Dogs love their beds. Unfortunately, your canine companion’s bed may be one of the most germ-filled places in your house. In addition to collecting dirt, pollen, and dog hair, they can harbor disease-causing organisms, some of which can infect humans, for up to 12 months. That’s why it’s crucial to wash your pup’s bed every week. This guide offers suggestions on how to do it.
How to Remove Hair
Mixing dog hair with water causes it to clump up and clog your machine, so before and in-between washings, vacuum the surface and sides of the bed with a pet hair vacuum or a pet hair remover tool. Make sure to get into crevices and around buttons and tufting. Use a lint roller or masking tape, or wear rubber or latex gloves, and wipe the bed to lift the remaining hair.
How to Remove Stains
If the washing machine doesn’t remove stains, these at-home alternatives should. When you use a store-bought cleaner, choose a non-toxic, pet-safe option that doesn’t contain bleach or chlorine.
- Immediately pick up and dispose of the waste. Apply an equal amount of cold water and distilled white vinegar to the affected area.
- Blot the section with a cloth or scrub with a soft-bristle brush. Repeat spraying and scrubbing until the liquid is absorbed, and the stain disappears.
- Sprinkle baking soda and allow the bed to dry overnight. Vacuum when dry.
- Generously sprinkle baking soda onto the stain and let it sit for five minutes to soak up the liquid.
- Combine baking soda, two cups of vinegar, and water into a spray bottle. Spray the solution onto the stain and let it set for at least 10 minutes.
- Blot the stain with a cloth. When it’s dry, shine a urine detector to ensure you eliminated the underlying stain. Repeat spraying and blotting, as needed.
- Let a new stain dry. If the stain is old, twist or bend the affected section of fabric to break off loose dirt and vacuum it up.
- Wet a cloth with cold water and wipe the stain away. If possible, machine wash the bed. If not, vacuum again.
- If the stain is still wet, soak the section of the bed with blood on it immediately in cold water. Hot or warm water will set the stain.
- Gently blot the stain with a wet cloth until you’ve removed as much of the stain as possible. Combine equal parts baking soda, white vinegar, and cold water together and set for thirty minutes. Then blot the mixture out.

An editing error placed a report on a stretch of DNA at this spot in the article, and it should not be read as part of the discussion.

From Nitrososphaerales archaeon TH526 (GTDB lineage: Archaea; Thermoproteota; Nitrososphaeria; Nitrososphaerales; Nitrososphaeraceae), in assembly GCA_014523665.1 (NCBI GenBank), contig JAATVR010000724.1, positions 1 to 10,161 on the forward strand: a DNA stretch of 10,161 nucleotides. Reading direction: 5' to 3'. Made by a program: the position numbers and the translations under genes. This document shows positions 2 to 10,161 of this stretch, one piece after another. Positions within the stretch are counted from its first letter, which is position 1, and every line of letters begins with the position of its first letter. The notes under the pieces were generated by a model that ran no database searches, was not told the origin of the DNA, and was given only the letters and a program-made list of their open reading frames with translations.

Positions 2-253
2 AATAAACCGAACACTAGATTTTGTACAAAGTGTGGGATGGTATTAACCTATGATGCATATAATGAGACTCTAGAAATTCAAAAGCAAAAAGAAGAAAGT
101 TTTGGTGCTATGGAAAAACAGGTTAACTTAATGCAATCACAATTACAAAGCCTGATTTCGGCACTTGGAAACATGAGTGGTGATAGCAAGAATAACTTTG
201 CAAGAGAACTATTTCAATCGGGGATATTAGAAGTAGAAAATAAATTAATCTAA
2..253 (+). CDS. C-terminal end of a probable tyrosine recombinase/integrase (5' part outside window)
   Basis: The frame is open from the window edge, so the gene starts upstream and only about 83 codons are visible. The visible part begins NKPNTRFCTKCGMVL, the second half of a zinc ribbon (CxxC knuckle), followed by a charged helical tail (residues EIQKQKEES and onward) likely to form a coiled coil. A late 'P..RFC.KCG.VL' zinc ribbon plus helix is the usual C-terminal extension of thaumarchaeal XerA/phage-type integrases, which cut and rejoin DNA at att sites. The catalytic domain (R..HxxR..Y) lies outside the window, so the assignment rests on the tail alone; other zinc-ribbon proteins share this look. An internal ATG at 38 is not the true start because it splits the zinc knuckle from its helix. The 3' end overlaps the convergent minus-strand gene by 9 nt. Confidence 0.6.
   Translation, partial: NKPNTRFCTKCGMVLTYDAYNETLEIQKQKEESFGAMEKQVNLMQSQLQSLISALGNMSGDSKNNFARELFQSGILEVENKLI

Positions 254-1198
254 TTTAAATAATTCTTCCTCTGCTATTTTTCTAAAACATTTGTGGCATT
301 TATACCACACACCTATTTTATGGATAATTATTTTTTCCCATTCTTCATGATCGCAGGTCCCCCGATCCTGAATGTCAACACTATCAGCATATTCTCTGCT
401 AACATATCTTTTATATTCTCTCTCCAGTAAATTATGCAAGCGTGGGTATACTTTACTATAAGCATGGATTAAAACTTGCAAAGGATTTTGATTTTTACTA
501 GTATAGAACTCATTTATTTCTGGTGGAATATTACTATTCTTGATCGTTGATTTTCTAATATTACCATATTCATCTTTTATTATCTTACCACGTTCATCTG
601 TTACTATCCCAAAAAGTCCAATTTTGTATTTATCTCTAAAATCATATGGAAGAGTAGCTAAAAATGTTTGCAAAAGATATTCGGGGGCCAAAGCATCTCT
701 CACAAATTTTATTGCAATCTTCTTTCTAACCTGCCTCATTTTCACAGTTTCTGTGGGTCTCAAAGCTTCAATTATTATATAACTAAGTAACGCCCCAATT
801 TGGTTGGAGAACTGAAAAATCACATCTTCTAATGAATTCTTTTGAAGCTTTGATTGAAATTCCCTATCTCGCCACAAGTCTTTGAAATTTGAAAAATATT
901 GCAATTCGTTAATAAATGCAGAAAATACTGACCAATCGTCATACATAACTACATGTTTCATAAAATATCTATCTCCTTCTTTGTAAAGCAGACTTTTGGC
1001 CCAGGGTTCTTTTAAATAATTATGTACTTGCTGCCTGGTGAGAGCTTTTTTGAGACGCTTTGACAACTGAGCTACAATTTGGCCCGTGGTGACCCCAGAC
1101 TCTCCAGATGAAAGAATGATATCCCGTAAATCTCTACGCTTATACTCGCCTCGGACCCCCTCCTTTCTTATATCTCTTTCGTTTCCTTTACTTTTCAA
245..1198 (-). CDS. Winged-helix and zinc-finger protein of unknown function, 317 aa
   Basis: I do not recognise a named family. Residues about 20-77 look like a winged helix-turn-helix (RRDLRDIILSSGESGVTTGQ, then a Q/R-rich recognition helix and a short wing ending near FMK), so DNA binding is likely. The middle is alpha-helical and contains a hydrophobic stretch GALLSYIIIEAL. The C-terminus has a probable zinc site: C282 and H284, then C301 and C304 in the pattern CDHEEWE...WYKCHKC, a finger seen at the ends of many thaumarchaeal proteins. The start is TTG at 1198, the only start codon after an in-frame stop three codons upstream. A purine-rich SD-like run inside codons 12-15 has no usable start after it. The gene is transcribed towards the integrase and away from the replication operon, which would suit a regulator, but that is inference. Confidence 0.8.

- If the bloodstain hasn’t lifted, repeat the process. For hard-to-remove stains, apply an enzyme-based stain remover or hydrogen peroxide.
How to Clean a Handwash-Only Bed
Begin by vacuuming the bed to get rid of dirt, hair, and debris. Place the bed in a sink or bathtub (if those aren’t big enough, try an outdoor children’s pool). Fill the container with warm water, laundry detergent, and a cup of vinegar. Squeeze and knead the bed in the water repeatedly. Empty the tub and rinse the bed until soap is gone. Lay the bed flat and allow it to air dry.
If you suspect there’s an infestation in the bed, it’s time to toss it.
How to Clean a Bed with a Removable Cover
Vacuum the entire removable cover with an upholstery attachment before removing it from the bed. If the cover has a stain on it, follow the above instructions to remove the stain before washing. Always check the bed’s washing instructions. Wash the bed and removable cover in separate loads on the hottest water setting to kill germs. Add laundry detergent and ½-cup of vinegar to each load and run a rinse cycle after.
How to Clean a Memory-Foam Bed
Use a handheld vacuum or an upholstery attachment to clean every crevice of the memory foam. Spray a combination of ½-cup of laundry detergent and water on the bed without soaking it. Sprinkle the bed with baking soda and let it sit for a few hours to remove odors. Then vacuum it for a final time. Remember to flip the bed and treat the opposite side with the same steps.